Effect of an Interdisciplinary Weight Loss and Lifestyle Intervention on Obstructive Sleep Apnea Severity: The INTERAPNEA Randomized Clinical Trial
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AuthorCarneiro Barrera, Almudena; Amaro Gahete, Francisco José; Guillén Riquelme, Alejandro; Jurado Fasoli, Lucas; Sáez Roca, Germán; Martín Carrasco, Carlos; Buela Casal, Gualberto; Ruiz Ruiz, Jonatan
American Medical Association
Carneiro-Barrera A... [et al.]. Effect of an Interdisciplinary Weight Loss and Lifestyle Intervention on Obstructive Sleep Apnea Severity: The INTERAPNEA Randomized Clinical Trial. JAMA Netw Open. 2022;5(4):e228212. doi:[10.1001/jamanetworkopen.2022.8212]
SponsorshipSpanish Government FPU16/01093 FPU14/04172 FPU19/01609; Junta de Andalucia SOMM17/6107/UGR; University of GranadaLoMonaco S.L. Sleep Research Cathedra; University of Granada Plan Propio de Investigacion 2016Excellence Actions: Unit of Excellence on Exercise and Health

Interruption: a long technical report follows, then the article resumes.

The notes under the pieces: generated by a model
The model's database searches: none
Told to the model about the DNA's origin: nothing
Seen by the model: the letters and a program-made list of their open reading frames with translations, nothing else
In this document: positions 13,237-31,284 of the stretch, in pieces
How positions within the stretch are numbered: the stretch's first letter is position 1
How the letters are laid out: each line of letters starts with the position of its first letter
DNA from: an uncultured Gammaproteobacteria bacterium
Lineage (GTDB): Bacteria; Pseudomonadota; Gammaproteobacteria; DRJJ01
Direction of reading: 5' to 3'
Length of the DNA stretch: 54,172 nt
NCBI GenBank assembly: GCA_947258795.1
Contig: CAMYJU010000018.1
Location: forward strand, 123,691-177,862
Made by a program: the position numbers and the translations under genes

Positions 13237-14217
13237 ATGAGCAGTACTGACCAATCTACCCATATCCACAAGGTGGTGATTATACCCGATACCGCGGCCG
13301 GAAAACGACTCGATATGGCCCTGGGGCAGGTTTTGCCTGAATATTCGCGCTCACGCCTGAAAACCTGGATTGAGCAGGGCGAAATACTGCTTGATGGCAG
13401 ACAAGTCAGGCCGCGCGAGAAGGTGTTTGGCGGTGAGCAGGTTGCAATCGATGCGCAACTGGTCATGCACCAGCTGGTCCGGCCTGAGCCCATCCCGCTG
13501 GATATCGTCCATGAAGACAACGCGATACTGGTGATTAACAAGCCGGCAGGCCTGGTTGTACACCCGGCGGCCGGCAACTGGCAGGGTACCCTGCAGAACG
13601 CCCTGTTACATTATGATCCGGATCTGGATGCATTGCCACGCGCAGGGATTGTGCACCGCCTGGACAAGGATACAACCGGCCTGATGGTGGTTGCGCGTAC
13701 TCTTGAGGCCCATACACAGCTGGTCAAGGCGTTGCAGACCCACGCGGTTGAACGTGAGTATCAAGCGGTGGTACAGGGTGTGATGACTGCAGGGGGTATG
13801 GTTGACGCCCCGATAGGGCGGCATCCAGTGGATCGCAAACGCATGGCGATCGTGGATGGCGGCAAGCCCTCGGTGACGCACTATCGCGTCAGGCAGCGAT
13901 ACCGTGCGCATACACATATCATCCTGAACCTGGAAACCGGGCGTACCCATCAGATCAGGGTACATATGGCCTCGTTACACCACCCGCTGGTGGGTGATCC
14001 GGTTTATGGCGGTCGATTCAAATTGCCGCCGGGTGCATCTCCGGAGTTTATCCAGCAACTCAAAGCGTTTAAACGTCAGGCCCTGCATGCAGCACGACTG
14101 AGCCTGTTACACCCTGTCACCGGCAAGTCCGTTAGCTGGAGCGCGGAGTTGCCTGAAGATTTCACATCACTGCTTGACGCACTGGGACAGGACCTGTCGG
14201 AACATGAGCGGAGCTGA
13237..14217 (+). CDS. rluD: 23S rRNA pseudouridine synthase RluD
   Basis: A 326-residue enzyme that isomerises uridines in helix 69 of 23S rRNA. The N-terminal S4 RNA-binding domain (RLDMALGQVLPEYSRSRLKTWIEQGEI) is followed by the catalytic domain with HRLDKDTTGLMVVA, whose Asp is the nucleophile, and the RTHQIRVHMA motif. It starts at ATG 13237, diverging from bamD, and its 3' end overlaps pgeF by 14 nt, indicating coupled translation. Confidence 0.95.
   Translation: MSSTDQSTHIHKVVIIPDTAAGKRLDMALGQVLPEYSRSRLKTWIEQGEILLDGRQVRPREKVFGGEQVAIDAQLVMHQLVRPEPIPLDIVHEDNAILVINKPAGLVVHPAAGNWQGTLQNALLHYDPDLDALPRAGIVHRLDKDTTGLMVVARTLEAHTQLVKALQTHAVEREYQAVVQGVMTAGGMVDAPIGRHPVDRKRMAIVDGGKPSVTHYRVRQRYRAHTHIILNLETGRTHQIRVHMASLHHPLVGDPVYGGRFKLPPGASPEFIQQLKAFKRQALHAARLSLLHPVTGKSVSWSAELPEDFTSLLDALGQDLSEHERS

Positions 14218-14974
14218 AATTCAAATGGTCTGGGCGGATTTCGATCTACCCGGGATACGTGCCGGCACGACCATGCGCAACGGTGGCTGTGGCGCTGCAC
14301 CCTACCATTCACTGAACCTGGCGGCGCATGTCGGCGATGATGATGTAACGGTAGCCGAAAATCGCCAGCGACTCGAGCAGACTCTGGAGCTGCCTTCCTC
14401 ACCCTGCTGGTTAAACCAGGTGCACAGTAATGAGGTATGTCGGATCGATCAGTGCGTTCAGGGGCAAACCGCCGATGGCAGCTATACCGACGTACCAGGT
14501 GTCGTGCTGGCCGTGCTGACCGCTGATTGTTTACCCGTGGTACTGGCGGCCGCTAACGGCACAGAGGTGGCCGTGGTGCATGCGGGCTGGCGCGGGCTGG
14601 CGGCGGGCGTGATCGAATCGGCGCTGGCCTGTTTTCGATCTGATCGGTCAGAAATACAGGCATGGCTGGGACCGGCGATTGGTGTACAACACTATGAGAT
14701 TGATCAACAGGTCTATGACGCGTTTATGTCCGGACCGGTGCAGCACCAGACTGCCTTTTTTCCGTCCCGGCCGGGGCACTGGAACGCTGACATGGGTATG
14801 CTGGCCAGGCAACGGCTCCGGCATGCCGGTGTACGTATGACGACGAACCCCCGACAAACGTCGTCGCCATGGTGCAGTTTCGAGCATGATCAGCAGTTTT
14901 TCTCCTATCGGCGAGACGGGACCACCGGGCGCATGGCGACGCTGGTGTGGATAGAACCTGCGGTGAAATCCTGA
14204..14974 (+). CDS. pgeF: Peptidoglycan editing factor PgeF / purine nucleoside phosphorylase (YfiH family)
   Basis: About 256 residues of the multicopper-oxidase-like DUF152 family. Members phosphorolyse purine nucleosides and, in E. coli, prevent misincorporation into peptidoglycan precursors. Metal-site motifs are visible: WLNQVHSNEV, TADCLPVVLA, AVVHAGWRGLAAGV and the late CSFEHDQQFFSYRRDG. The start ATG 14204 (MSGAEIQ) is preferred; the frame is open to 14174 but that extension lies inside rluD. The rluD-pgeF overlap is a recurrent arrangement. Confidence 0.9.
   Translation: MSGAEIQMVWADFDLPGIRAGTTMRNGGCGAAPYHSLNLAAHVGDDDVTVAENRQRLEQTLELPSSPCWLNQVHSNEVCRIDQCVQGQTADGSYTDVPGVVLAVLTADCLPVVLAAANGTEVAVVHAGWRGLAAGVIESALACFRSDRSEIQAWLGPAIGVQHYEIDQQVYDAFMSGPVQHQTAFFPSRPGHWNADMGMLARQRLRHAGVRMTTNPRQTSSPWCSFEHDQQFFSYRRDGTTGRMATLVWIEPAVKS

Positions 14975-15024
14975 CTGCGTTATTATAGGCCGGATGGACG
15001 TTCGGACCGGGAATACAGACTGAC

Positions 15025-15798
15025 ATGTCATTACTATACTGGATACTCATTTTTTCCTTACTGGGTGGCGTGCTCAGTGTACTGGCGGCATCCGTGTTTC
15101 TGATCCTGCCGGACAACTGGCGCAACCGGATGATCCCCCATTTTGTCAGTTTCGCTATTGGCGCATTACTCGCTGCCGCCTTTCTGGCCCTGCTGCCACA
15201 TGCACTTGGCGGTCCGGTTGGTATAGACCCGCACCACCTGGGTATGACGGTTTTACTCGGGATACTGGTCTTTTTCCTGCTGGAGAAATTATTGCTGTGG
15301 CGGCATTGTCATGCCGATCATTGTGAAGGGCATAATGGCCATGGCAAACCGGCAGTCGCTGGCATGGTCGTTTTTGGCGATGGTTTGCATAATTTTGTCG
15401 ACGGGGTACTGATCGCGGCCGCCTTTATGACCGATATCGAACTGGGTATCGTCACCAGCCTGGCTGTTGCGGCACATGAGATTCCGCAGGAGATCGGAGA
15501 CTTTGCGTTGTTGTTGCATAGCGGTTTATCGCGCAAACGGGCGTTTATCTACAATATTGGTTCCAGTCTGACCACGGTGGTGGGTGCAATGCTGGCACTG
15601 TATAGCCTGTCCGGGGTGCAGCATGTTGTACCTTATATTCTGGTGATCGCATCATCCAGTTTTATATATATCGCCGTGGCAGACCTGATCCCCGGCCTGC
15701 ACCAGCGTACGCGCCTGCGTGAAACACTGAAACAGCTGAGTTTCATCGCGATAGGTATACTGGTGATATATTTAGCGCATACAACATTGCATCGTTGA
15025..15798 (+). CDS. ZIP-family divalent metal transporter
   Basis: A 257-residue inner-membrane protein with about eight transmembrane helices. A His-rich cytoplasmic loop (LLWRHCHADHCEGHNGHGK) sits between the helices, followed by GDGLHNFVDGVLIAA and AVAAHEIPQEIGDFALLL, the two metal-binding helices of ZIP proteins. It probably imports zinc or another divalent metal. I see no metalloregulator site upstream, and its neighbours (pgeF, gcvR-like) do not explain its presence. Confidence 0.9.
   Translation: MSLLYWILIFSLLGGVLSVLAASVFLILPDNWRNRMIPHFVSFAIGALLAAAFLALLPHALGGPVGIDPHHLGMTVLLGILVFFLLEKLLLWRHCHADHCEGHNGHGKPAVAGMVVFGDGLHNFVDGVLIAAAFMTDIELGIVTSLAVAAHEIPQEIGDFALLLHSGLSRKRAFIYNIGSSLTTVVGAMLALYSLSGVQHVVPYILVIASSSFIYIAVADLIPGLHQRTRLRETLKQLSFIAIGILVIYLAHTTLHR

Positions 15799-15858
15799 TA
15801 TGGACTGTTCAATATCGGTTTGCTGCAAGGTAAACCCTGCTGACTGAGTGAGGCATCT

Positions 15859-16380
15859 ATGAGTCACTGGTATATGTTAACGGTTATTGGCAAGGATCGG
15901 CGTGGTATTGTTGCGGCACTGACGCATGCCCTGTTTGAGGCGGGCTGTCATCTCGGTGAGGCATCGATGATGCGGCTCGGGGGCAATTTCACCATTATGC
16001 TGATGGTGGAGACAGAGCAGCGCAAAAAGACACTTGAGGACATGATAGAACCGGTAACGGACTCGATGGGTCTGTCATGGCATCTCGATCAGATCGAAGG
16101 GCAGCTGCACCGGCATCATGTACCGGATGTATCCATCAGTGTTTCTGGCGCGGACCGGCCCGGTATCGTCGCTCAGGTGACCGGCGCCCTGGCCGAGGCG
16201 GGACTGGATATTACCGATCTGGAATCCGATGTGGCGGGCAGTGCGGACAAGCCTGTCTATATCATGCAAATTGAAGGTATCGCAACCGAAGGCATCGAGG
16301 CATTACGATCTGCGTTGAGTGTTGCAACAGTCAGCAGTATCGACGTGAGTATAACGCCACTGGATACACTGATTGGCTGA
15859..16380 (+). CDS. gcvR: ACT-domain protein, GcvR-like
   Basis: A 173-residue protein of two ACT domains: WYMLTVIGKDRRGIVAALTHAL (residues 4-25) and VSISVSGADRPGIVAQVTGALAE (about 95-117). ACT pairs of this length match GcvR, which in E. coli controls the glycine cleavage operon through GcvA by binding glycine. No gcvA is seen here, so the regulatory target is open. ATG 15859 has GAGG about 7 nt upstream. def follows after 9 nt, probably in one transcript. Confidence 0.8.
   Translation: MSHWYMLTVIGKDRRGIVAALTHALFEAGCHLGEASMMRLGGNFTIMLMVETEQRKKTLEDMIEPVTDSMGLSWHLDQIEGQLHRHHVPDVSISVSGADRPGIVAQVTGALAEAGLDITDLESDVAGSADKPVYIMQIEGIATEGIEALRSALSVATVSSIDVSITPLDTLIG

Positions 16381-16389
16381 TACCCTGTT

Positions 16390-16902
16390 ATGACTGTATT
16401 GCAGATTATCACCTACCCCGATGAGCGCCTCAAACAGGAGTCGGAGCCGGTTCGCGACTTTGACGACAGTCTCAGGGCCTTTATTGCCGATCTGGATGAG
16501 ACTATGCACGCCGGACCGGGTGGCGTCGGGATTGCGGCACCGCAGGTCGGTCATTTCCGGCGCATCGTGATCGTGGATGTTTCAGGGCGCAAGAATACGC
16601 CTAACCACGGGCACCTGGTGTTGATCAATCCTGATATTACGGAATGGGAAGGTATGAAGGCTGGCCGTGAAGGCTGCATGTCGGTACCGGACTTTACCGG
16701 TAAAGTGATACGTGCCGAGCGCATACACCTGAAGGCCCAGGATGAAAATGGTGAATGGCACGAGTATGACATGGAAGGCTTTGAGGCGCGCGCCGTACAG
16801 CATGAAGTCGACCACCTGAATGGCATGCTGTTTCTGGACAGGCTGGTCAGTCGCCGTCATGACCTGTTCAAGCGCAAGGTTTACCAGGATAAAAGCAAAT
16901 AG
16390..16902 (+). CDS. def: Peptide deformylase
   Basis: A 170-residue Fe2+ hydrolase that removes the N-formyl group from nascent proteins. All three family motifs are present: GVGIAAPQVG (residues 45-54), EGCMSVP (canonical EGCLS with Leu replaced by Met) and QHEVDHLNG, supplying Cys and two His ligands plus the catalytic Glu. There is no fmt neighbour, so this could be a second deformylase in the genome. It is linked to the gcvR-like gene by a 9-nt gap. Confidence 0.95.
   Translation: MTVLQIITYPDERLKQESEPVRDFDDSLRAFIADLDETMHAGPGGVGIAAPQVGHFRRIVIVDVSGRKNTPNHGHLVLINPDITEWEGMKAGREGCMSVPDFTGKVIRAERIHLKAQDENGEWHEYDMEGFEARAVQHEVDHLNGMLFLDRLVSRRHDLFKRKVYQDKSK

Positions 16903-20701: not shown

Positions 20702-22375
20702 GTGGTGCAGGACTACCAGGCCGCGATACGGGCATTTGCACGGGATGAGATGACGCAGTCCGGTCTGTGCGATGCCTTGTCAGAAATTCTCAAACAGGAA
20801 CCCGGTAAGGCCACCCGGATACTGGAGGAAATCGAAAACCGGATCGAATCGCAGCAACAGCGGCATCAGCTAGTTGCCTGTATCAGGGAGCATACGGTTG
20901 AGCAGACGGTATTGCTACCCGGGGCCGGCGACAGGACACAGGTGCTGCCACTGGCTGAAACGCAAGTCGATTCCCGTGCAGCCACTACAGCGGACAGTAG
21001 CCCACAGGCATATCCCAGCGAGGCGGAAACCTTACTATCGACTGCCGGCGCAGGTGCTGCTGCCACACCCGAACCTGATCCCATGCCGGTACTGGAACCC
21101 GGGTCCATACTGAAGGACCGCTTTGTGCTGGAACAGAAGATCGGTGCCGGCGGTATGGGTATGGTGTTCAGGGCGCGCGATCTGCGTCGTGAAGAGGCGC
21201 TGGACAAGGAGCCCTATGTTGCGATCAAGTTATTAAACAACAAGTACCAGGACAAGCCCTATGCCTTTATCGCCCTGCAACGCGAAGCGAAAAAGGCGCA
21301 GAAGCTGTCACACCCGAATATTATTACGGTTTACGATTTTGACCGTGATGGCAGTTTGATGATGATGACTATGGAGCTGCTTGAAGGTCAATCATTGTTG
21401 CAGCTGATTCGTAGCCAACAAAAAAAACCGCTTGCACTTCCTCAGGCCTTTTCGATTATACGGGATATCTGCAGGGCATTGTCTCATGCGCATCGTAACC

IMPORTANCE Obesity is the leading cause of obstructive sleep apnea (OSA); however, the effects of weight loss and lifestyle interventions on OSA and comorbidities remain uncertain. OBJECTIVE To evaluate the effect of an interdisciplinary weight loss and lifestyle intervention on OSA and comorbidities among adults with moderate to severe OSA and overweight or obesity. DESIGN, SETTING, AND PARTICIPANTS The InterdisciplinaryWeight Loss and Lifestyle Intervention for OSA (INTERAPNEA) study was a parallel-group open-label randomized clinical trial conducted at a hospital-based referral center in Granada, Spain, from April 1, 2019, to October 23, 2020. The study enrolled 89 Spanish men aged 18 to 65 years with moderate to severe OSA and a body mass index (calculated as weight in kilograms divided by height in meters squared) of 25 or greater who were receiving continuous positive airway pressure (CPAP) therapy. The sole inclusion of men was based on the higher incidence and prevalence of OSA in this population, the differences in OSA phenotypes between men and women, and the known effectiveness of weight loss interventions among men vs women. INTERVENTIONS Participants were randomized to receive usual care (CPAP therapy) or an 8-week weight loss and lifestyle intervention involving nutritional behavior change, aerobic exercise, sleep hygiene, and alcohol and tobacco cessation combined with usual care. MAIN OUTCOMES AND MEASURES The primary end point was the change in the apnea-hypopnea index (AHI) from baseline to the intervention end point (8 weeks) and 6 months after intervention. Secondary end points comprised changes in other OSA sleep-related outcomes, body weight and composition, cardiometabolic risk, and health-related quality of life. RESULTS Among 89 men (mean [SD] age, 54.1 [8.0] years; all of Spanish ethnicity; mean [SD] AHI, 41.3 [22.2] events/h), 49 were randomized to the control group and 40 were randomized to the intervention group. The intervention group had a greater decrease in AHI (51% reduction; change, –21.2 events/h; 95%CI, –25.4 to –16.9 events/h) than the control group (change, 2.5 events/h; 95% CI, –2.0 to 6.9 events/h) at the intervention end point, with a mean between-group difference of –23.6 events/h (95%CI, –28.7 to –18.5 events/h). At 6 months after intervention, the reduction in AHI was 57%in the intervention group, with a mean between-group difference of –23.8 events/h (95% CI, –28.3 to –19.3 events/h). In the intervention group, 18 of 40 participants (45.0%) no longer required CPAP therapy at the intervention end point, and 6 of 40 participants (15.0%) attained complete OSA remission. At 6 months after intervention, 21 of 34 participants (61.8%) no longer required CPAP therapy, and complete remission of OSA was attained by 10 of 34 participants (29.4%). In the intervention vs control group, greater improvements in body weight (change, –7.1 kg [95%CI, −8.6 to −5.5 kg] vs −0.3 kg [95%CI, −1.9 to 1.4 kg]) and composition (eg, change in fat mass, −2.9 kg [95%CI, −4.5 to −1.3 kg] vs 1.4 kg [95%CI, −0.3 to 3.1 kg]), cardiometabolic risk (eg, change in blood pressure, −6.5mmHg [95%CI, −10.3 to −2.6mmHg] vs 2.2mmHg [95%CI, −2.1 to 6.6mm Hg]), and health-related quality of life (eg, change in Sleep Apnea Quality of Life Index, 0.8 points [95%CI, 0.5-1.1 points] vs 0.1 points [95%CI, −0.3 to 0.4 points]) were also found at the intervention end point. CONCLUSIONS AND RELEVANCE In this study, an interdisciplinary weight loss and lifestyle intervention involving Spanish men with moderate to severe OSA and had overweight or obesity and were receiving CPAP therapy resulted in clinically meaningful and sustainable improvements in OSA severity and comorbidities as well as health-related quality of life. This approach may therefore be considered as a central strategy to address the substantial impact of this increasingly common sleepdisordered breathing condition.